Potentially Harmful Drug-Disease Interactions in the Elderly
The use of this template and its function is explained above. This is the only HEDIS measure which is presented twice - here and as a separate evidenced-based measure on the Medical Home Coordination Review template. See Above
Medication Reconciliation Post-Discharge
National Quality Forum (NQF) The next button is entitled NQF Compliance.
National Quality Forum (NQF) - In 1998, A report of the President's Advisory Commission on Consumer Protection and Quality in the Health Care Industry, proposed the formation of the Forum as a part of a national agenda for improvement in healthcare delivery. Formed in 1999, NQF’s mission statement declared, “The mission of the National Quality Forum is to improve the quality of American healthcare by setting national priorities and goals for performance improvement, endorsing national consensus standards for measuring and publicly reporting on performance, and promoting the attainment of national goals through education and outreach programs.”
NQF’s vision is that “the NQF will be the convener of key public and private sector leaders to establish national priorities and goals to achieve the Institute of Medicine Aims - health care that is safe, effective, patient-centered, timely, efficient and equitable. NQF-endorsed standards will be the primary standards used to measure and report on the quality and efficiency of healthcare in the United States. The NQF will be recognized as a major driving force for and facilitator of continuous quality improvement of American healthcare quality.” To achieve NCQA recognition as a Medical Home, SETMA must report on 10 measures endorsed by NQF. We have chosen to report on 43 for 2009.
This will launch the below template.
There are 7 categories of NQF-endorsed, evidenced-based measures which SETMA has chosen to report on for our NCQA recognition. The measures will be reviewed by category and by each individual measures.
General Health Measures
Body Mass Index Measurement
Proper Assessment for Chronic COPD
Adult Immunization Status
Blood Pressure Measures
Blood Pressure Measurement
Blood Pressure Classification Control
Current Medication List
Documentation of Allergies/Reactions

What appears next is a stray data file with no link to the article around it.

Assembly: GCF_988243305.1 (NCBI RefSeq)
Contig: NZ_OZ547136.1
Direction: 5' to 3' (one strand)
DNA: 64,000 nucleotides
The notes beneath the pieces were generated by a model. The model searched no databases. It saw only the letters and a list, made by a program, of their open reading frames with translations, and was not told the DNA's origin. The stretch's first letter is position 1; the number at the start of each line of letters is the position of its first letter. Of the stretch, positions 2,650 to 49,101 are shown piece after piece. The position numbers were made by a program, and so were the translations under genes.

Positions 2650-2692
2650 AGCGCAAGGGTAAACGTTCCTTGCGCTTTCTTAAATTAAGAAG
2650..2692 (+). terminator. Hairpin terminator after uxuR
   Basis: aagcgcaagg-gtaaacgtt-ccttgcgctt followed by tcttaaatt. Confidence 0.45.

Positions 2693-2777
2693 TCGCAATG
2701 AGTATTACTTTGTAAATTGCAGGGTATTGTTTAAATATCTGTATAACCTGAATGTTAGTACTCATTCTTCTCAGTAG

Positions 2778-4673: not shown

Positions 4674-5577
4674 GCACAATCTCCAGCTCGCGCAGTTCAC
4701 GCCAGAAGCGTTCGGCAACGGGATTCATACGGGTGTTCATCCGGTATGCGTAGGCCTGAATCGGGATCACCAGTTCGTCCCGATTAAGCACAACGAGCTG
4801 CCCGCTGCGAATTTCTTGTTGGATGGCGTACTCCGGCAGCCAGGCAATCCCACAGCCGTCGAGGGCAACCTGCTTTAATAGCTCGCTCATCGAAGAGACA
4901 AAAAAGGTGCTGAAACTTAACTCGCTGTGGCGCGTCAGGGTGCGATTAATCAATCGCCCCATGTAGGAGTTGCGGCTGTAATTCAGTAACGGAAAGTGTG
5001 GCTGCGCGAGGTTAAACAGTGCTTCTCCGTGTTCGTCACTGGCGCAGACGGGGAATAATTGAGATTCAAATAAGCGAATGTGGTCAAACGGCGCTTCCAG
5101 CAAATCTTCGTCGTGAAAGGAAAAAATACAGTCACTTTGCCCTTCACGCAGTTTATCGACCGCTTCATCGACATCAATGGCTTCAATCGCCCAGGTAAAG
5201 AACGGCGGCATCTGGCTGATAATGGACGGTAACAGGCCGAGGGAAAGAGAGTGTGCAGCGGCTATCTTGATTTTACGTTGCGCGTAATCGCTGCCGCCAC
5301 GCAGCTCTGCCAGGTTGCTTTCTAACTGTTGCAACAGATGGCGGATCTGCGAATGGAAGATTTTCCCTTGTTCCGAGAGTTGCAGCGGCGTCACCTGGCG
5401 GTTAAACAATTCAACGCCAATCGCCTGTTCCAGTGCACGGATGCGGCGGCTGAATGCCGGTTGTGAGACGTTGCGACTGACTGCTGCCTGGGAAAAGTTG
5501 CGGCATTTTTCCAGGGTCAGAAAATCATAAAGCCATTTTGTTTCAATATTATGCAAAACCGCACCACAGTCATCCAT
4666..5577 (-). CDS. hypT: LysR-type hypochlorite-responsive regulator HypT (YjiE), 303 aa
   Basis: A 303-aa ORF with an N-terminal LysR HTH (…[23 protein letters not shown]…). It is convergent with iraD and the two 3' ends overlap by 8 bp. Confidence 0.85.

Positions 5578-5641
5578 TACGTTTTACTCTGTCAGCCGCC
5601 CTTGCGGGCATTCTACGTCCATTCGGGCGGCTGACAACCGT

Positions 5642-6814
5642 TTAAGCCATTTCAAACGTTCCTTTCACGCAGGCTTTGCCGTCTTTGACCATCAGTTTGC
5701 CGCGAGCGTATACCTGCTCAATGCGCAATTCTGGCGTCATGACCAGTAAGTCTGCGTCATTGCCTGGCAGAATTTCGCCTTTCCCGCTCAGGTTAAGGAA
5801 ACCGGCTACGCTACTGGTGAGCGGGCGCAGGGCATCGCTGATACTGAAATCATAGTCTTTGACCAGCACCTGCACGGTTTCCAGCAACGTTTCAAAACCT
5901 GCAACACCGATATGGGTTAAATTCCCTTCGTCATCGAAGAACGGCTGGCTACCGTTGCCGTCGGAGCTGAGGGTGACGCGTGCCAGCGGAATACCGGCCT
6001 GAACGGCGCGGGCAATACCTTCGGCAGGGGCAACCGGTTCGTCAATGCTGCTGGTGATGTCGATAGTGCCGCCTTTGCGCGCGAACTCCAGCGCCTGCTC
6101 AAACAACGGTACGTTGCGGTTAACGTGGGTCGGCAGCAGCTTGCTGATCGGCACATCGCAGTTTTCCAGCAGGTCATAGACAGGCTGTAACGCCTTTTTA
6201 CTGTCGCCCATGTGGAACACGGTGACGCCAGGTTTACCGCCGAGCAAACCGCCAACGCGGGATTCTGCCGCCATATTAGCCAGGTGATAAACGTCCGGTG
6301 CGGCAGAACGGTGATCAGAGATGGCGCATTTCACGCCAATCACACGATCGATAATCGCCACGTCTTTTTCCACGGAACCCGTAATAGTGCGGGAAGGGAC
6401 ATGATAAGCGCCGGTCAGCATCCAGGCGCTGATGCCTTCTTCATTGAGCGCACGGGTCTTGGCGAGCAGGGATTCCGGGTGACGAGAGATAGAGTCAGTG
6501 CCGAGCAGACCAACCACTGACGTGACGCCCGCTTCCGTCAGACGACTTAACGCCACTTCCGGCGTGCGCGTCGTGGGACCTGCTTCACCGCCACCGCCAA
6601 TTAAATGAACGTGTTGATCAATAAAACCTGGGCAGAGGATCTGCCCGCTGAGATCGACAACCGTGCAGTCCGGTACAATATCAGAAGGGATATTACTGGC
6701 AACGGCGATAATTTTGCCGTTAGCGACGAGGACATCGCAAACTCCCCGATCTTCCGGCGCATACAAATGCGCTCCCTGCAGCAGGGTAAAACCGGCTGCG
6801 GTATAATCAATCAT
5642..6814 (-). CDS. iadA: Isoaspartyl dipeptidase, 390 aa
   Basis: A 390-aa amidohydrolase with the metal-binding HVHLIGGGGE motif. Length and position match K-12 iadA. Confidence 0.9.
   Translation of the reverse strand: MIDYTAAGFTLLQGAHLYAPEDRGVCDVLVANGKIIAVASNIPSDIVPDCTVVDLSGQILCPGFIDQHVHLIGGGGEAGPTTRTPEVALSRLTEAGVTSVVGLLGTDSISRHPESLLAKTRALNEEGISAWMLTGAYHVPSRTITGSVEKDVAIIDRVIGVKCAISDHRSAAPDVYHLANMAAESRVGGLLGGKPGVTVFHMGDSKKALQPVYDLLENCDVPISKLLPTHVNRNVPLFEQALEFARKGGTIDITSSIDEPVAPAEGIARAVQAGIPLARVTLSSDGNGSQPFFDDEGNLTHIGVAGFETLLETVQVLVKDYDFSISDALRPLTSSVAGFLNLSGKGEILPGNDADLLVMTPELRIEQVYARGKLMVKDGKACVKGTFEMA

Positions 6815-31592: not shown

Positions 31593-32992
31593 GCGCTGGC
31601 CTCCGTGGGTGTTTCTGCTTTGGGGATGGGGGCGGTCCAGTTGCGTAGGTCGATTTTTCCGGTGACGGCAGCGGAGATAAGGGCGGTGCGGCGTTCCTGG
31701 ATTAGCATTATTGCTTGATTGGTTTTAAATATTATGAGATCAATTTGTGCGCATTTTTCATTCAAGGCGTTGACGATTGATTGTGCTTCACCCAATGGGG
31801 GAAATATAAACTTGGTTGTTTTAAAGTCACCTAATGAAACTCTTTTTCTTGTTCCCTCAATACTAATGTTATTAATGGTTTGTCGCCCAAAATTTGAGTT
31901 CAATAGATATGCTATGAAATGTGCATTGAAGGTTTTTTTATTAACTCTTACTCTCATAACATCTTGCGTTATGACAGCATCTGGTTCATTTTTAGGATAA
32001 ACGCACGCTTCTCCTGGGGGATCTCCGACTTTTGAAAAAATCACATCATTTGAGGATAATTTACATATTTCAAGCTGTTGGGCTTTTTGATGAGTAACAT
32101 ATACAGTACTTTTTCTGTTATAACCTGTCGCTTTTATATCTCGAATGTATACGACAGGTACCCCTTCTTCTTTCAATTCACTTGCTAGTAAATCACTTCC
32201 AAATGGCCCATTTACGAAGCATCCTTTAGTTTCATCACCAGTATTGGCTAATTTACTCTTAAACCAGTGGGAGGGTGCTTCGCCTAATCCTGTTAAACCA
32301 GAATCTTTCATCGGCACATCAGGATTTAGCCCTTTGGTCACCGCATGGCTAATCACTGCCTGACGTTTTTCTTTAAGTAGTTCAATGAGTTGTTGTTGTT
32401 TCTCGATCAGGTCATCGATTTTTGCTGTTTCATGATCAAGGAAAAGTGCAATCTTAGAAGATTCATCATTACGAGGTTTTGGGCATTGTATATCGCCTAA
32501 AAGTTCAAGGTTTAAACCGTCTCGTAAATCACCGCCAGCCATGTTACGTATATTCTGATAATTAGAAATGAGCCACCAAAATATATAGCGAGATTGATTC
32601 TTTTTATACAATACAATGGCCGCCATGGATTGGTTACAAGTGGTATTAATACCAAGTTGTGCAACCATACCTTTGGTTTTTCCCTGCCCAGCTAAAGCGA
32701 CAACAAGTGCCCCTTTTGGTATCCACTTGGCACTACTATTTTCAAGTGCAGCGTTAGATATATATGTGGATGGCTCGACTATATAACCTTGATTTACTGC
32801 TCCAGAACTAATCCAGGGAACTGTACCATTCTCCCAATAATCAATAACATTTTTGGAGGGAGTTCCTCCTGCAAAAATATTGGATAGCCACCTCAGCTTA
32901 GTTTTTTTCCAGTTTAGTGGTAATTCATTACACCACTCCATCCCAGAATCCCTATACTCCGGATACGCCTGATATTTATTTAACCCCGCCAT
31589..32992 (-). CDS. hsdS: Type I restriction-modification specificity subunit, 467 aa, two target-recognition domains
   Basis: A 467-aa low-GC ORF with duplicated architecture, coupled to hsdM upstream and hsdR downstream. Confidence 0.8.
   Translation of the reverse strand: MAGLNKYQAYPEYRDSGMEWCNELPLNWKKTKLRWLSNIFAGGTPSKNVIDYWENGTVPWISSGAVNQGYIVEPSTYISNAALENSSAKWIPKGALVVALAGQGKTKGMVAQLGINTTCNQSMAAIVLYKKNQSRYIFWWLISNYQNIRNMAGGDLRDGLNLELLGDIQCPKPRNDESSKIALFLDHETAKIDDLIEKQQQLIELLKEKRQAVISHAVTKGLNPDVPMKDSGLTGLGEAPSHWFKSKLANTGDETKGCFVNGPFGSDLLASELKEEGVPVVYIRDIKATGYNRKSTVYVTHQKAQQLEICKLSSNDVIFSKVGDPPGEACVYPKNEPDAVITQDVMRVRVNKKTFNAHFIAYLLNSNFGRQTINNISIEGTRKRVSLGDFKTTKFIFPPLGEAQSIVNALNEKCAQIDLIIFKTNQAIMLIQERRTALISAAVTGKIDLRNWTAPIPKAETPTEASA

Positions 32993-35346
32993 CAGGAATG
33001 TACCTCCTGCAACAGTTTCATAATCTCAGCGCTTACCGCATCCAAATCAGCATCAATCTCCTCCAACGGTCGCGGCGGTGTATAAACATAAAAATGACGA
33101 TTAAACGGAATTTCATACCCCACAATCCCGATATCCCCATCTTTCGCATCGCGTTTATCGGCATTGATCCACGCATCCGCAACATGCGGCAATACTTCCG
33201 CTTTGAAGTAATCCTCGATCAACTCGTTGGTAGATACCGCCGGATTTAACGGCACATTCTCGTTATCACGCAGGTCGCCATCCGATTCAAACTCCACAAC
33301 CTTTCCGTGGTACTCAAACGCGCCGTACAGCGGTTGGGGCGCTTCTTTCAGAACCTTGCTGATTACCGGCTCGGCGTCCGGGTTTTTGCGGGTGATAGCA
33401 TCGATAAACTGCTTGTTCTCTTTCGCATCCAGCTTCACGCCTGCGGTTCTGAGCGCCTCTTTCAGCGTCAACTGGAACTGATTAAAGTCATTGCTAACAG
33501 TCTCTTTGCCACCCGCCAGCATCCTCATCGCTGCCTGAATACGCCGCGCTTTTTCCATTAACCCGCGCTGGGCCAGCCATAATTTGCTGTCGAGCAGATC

Therapeutic Monitoring of Long Term Medications
Drugs to Avoid in the Elderly
Appropriate Medications for Asthma
Inappropriate Antibiotic Treatment for Adults with Acute Bronchitis
LDL Drug Therapy for Patients with CAD
Care for Older Adults
Counseling on Physical Activity
Colorectal Cancer Screening
Fall Risk Management
Dilated Eye Exam
Hemoglobin A1c Testing Control
Physician Quality Reporting System (PQRS)
The 2006 Tax Relief and Health Care Act required the establishment of a physician quality reporting system, including an incentive payment for eligible professionals (EPs) who satisfactorily report data on quality measures for covered services furnished to Medicare beneficiaries during the second half of 2007 (the 2007 reporting period). CMS named this program the Physician Quality Reporting System (PQRS). The 2009 PQRI Measures Specifications Manual for Claims and Registry Release Notes is a 442-page document which explains this program.
PQRI has identified 134 measures and requires that a practice report to report on at least 3 individual measures, or 1 Measures Group in order to be recognized by CMS. SETMA will report on three Measures Groups (Diabetes, Preventive Care, and Rheumatology, and the measures on Ophthalmology) which contain a total of 28 measures instead of the required 3. The program has been changed to PQRS.
The next button is entitled PQRS Compliance - those elements are described elsewhere.
Physician Consortium for Physician Performance Improvement Data Sets (PCPPI)
The Physician Consortium for Performance Improvement